Luxury jewellery designer Sabine Getty is getting her 17-month-old daughter Gene to climb on her back - much to the delight of The Grace Tales team...
Poised and self-possessed, there is also a childlike-thinking that is spontaneous to Getty.
“Growing up is not so interesting to me,” explains the 33-year-old. “I think the way I see the world is more through the eyes of a kid.”
Her latest jewellery collection, Big, named after the Tom Hanks movie classic, was inspired by a colourful geometric wooden toy belonging to her daughter, which she has transformed into pink, blue and yellow sapphires and tsavorite pieces – bringing a light-hearted air to the serious world of fine jewellery.
To star in the campaign, Getty invited some of her favourite mothers and their children – shoe designer Charlotte Dellal and her son Guy, model Jacquetta Allsopp and her son Sam, and art dealer Monika Sprüth and her daughter Paolina.
“They are all good friends of mine and people I look up to and admire for who they are and what they do,” she explains. “Charlotte is an incredible mum and a great businesswoman who just had a boy, Monika is such an incredible, strong woman and her daughter has so much character so I wanted them to be in the story as well. It really is all about personality and character over anything.”
An element of theatre permeates all elements of her brand. She grew up between Geneva, Beirut and the south of France, with aspirations of becoming an opera singer (although she no longer sings). “Thank God for my family I don’t,” she says. “Just to my daughter – she can’t complain yet.”
She found her vocation at New York’s Gemological Institute of America (GIA) creating her luxury jewellery line in 2012, which is now worn by everyone from Kaia Gerber to Rihanna.
Music may no longer be a focus, but home with her husband Joseph Getty, a financier and descendant of the Getty oil dynasty, is a symphony of colour.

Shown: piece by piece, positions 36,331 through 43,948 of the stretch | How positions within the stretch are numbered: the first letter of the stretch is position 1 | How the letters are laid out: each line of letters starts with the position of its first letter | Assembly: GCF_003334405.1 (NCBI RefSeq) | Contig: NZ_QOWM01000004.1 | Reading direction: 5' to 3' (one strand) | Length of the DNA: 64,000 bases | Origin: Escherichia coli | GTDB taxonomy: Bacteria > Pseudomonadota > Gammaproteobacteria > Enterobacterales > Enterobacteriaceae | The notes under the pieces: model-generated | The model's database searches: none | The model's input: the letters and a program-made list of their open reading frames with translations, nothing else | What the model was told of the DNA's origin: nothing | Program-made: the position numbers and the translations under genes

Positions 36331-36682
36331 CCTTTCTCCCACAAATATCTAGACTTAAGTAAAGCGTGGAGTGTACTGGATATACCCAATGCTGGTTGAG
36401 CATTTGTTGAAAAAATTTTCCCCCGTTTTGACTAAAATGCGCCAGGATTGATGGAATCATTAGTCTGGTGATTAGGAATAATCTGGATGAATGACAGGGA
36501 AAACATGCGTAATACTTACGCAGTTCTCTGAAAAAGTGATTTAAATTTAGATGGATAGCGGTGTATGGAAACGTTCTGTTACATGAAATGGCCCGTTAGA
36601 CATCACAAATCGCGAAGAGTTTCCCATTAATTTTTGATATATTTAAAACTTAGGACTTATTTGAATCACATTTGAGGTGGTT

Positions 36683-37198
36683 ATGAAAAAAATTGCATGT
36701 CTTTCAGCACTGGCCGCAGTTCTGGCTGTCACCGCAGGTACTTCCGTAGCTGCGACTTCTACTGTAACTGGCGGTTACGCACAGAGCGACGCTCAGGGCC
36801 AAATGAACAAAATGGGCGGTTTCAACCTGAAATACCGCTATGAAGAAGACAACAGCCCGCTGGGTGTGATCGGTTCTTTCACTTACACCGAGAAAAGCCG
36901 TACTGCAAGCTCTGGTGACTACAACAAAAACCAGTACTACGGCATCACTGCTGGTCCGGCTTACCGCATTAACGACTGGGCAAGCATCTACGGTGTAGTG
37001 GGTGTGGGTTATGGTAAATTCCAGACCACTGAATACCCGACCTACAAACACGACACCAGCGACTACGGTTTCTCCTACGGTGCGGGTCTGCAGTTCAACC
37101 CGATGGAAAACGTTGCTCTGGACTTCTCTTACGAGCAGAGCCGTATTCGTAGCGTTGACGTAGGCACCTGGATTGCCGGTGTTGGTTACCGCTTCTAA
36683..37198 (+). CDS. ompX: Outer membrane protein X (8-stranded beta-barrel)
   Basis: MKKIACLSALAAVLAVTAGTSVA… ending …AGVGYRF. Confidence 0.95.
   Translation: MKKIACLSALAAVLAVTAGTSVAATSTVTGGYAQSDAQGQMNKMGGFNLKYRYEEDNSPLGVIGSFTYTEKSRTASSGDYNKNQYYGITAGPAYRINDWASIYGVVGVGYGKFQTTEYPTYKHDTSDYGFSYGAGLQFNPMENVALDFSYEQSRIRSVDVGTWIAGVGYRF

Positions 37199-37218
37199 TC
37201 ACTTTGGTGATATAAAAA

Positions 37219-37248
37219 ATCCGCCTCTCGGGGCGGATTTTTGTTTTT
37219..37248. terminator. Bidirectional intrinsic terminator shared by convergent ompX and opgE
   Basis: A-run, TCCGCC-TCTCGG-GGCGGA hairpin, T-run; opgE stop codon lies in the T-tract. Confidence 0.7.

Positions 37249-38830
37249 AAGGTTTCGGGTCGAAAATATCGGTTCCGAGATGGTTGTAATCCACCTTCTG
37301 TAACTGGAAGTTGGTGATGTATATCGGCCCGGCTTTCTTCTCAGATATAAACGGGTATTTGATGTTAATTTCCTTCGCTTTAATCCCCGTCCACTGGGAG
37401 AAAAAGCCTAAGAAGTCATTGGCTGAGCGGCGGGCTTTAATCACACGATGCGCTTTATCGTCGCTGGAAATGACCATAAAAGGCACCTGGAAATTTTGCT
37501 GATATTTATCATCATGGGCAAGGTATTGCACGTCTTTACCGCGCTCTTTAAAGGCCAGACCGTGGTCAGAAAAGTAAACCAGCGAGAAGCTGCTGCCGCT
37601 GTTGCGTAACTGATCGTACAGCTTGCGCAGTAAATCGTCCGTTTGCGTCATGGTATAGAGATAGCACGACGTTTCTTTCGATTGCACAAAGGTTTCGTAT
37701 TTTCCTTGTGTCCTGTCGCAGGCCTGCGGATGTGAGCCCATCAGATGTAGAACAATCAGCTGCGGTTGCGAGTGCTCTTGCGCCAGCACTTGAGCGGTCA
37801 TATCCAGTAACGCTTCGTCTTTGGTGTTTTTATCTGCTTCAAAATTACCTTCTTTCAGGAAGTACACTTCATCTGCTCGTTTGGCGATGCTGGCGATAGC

Their three-bedroom Mayfair apartment (previously owned by Sir Paul Getty) behind the Ritz and overlooking Green Park is a zesty homage to the Memphis movement founded by Ettore Sottsass in the 80s.
Her mother, Egyptian interior designer Karine Ratl, was an early fan and a pair of asymmetric ‘Flamingo’ side tables designed by Michele De Lucchi once flanked Getty’s bed while growing up.
There is a magnificent use of colour. From the ‘hamburger’ sofa – so named by her husband because of the cheese, lettuce and ketchup colours which complement the painting by artist Andre du Besset behind it – to the tangerine dining room with shots from Sabine’s Memphis jewellery collection and the blue kitsch kitchen with handpainted tiles and coloured glass doors.
It is unique and original – like the huge Getty Oil sign that the couple discovered by chance at a Providence gas station.
We caught up with the inspiring designer, socialite, and mother to discover more about her style, her approach to parenting and her childhood memories.
What inspired your latest jewellery collection?
I was playing with my daughter and I had bought her these geometrical shaped wooden toys in primary colours. I raised two of them next to her face like earrings and I was like, ‘Oh my God, they would look amazing’. Straight away I started drawing them. That is where the idea came from – so it’s thanks to her.
And why did you name the collection, Big?
It has always been one of my favourite movies because of the piano scene, Zoltar and the magical idea of a little boy trapped in the body of an adult who has to behave all grown up. We are all kids inside, that is why he was so creative, so free and so brilliant and that was one of the messages I wanted to come through in the jewellery – that we all have a childish, very creative, dreamy part in us. I wanted people to reconnect with that side, especially because jewellery is something taken quite seriously.
Do you ever feel that you too are playing at being ‘grown-up’?
Constantly. That is why I can relate so much to that film. Another favourite movie is Mary Poppins and even when I designed my wedding dress I wanted to look like a Disney character.
How do you channel your inner child?
In every way. I think it’s a certain innocence and naivety to things. I’m quite simple – that is the best way to put it. I look at things in a more simple way. I look at the shapes and the colours for what they are – it makes you more creative to see everything as if you are seeing it for the first time. I can’t help it – it’s hard for me to describe how as it’s who I am. There is something that’s just not quite grown up in me.